Exclusive: Fox Rothschild Cannabis Attorney Analyzes Psychedelics Rage and Changing Public Perceptions – Compass Pathways (NASDAQ:CMPS)

(Part 1 of a three-part series)

Psychedelics as a field have seen great progress over the past several months, from positive results in clinical trials to MAPS’s MDMA trial for PTSD and compass CMPS, Psilocybin trial for treatment-resistant depression For many reforms at the state level in America

According to Chambers USA, Benzinga had the opportunity to interview Joshua Horn, co-chair of Fox Rothschild’s cannabis practice group and one of the country’s leading cannabis lawyers.

One of the first things to come up during the conversation was the development of psychedelic services in the two US states where these substances have been legalized –Oregon And colorado— and parallels that can be drawn from the legalization of cannabis.

Oregon has begun to receive applications for psychedelics therapy training as well as psychedelics services facilities in keeping with Measure 109, although some locations have “opt-out” of the enactment of psilocybin services in their areas.

See also: Oregon Update: Psilocybin Therapy Service Implementation, From Concept to Reality

“I think it’s really state-specific to Oregon in these instances, and the fact that the way it’s going doesn’t surprise me,” Horn told Benzinga. “It’s really like therapy cannabis Across the US, in the sense that many programs had provisions for municipalities to choose whether or not they wanted to participate in the program.

Medical Psychedelics Vs. medical cannabis

Horn said all states with some sort of legalized medical psychedelic will eventually be phased out the way medical cannabis is, as well as Oregon becoming educational for others who are looking to do the same.

See also: Senators take bipartisan action to legalize medical marijuana in North Carolina

The difference, he says, is that the medical psychedelics program will probably face more resistance.

“I think people still equate psychedelics with the 60s, the hippie movement in America and elsewhere,” said Horn. “And people lose sight of the fact that prior to that generation, these substances were successfully used for medical purposes, including LSD being used as a psychiatric treatment,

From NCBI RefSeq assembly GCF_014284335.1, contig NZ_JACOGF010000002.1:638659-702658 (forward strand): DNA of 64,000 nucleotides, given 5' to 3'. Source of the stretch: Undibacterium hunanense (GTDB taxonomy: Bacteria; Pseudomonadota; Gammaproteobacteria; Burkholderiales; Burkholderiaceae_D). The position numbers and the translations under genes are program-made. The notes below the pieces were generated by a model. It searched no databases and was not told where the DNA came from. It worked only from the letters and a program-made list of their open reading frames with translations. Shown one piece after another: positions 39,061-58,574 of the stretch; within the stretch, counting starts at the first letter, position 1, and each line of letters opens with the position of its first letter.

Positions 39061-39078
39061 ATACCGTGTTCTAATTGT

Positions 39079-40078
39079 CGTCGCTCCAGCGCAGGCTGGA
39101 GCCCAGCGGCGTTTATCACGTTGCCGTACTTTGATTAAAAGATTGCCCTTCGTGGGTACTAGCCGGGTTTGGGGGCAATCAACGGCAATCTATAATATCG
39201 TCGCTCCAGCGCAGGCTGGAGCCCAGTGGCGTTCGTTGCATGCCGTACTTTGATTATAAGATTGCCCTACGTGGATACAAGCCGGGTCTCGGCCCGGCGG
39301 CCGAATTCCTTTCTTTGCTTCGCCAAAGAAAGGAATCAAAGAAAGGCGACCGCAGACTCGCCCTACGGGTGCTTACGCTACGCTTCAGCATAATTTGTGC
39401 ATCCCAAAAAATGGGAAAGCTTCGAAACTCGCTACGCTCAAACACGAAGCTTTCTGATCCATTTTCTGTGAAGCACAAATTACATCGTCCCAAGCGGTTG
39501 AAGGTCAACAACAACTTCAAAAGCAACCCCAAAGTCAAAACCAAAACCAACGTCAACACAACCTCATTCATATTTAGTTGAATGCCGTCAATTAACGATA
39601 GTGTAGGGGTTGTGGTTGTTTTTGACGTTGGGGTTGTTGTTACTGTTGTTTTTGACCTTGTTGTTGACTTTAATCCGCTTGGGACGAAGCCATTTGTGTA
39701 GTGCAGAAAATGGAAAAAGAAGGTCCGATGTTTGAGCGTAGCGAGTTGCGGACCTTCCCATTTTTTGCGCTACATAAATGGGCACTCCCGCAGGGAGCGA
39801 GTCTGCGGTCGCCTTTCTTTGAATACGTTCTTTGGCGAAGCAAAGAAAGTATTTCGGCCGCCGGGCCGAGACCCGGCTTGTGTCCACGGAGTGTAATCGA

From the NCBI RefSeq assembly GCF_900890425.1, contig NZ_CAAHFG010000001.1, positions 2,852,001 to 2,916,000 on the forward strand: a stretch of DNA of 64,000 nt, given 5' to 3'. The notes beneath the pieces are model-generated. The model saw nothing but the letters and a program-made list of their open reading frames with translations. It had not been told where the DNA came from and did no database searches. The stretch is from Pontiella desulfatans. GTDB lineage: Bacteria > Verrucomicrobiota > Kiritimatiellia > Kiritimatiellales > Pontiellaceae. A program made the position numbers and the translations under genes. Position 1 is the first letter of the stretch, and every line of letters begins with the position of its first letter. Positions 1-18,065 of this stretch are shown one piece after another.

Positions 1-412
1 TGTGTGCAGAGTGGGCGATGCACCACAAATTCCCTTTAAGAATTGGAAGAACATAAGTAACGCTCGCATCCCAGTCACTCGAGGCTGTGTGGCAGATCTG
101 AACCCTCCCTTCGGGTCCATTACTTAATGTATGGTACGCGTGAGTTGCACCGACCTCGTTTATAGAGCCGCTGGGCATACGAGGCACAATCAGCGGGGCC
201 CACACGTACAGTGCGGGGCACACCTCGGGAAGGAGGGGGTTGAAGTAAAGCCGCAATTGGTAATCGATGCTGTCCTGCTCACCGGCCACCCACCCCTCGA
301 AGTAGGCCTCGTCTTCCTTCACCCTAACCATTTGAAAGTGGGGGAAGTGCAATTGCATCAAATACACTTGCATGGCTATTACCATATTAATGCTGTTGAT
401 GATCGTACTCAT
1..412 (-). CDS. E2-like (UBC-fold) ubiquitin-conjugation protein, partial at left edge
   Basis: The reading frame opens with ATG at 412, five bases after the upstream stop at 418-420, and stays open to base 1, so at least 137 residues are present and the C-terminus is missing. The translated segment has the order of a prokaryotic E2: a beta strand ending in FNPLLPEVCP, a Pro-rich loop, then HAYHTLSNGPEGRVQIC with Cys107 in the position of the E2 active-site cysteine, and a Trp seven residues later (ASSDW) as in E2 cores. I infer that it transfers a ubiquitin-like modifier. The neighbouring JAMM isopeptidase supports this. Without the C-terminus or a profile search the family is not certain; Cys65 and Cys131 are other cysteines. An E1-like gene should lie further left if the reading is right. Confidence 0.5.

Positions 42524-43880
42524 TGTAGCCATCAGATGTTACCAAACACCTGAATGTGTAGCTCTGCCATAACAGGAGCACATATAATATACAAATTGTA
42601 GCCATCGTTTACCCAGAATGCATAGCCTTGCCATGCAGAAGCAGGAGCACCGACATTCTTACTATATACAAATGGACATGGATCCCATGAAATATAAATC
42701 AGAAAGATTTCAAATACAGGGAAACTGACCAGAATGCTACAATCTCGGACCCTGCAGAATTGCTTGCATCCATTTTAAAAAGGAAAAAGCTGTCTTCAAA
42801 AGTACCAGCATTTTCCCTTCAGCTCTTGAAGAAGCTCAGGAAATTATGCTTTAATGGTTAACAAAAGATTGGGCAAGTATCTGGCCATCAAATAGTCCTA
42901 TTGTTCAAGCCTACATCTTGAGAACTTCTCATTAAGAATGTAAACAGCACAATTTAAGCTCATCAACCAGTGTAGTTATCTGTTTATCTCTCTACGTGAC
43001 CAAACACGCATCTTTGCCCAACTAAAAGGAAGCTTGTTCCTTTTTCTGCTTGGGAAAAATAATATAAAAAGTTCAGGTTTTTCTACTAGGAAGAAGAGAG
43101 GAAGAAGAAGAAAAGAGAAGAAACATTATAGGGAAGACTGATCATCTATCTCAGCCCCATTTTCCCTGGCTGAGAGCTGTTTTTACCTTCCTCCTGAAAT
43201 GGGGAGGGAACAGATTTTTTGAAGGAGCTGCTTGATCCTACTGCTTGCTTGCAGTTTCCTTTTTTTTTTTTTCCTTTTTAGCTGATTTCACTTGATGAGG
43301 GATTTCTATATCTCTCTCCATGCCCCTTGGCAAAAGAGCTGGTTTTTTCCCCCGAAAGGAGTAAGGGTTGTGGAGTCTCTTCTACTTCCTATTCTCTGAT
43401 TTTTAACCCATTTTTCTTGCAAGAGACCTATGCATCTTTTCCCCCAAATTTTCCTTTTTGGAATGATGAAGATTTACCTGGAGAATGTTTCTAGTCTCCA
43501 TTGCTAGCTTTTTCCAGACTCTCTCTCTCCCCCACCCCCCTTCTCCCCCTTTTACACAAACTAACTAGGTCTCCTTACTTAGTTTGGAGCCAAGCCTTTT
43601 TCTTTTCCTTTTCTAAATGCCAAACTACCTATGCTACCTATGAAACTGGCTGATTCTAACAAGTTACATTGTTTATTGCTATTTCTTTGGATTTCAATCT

He said the industry will face the challenge of educating the public in such areas as low-dose psilocybin’s potential to relieve mood and other psychiatric disorders.

In contrast, Horn says, “People haven’t always seen cannabis as a big deal, while a hallucinogen, people have these wild ideas about what it is and what it does to you.”

Bills in Colorado and Oregon, calling them “natural” psychedelics, have started down this educational path.

“Most are thrown out of the ground. Even LSD, which comes from a fungus called ergot, has to go through a second process to reach the true psychedelic. But I think that’s what appeals to people, that it’s a natural therapeutic.

This may be the reason why, when combined with the scientific evidence, psilocybin is more present in bills than the more clinical-stage advanced MDMA.

Horn believes that’s why cannabis enjoys public support across America. “Because again, this is a product you can see growing in the ground, so you can understand it better than something that came out of a lab. I think that’s why people look at it so positively.”

But besides the fact that psilocybin is a natural substance that can be grown in one’s backyard versus the in-lab, standardized production of MDMA, Horn thinks another reason for psilocybin’s victory so far is that MDMA is abused. Has a history of being

See also: A Brief History of MDMA: From CIA to Psychedelic Therapy

“And that abuse was widely reported. It certainly was in the ’80s, and during the ’90s, because you had these rave parties where everybody took MDMA. And those people at all who either grew mushrooms or got some mushrooms and ate them in the solitude of their home,” he said. “And I think MDMA was more important in my opinion than psilocybin at the time was available.”

Could psilocybin consumption eventually resemble cannabis?

“If administered through micro doseswhich is what people usually do with mood disorders, so I think maybe,” he says. “But my concern is that anything — alcohol, gambling, tobacco — all of these things can be abused: If these psilocybin clinics are being set up in such a way that you can buy an ounce of mushrooms, then I think that system could be kind of subject to abuse if you can only get a microdose at a dispensary.

Photo: Benzinga edit with photos by flamemetric, ayoshi597, Giselle Yasher, baxika, and freedomz on Shutterstock.

next: Psychedelics education, redefinition and decriminalization as seen by Fox Rothschild Cannabis Partner

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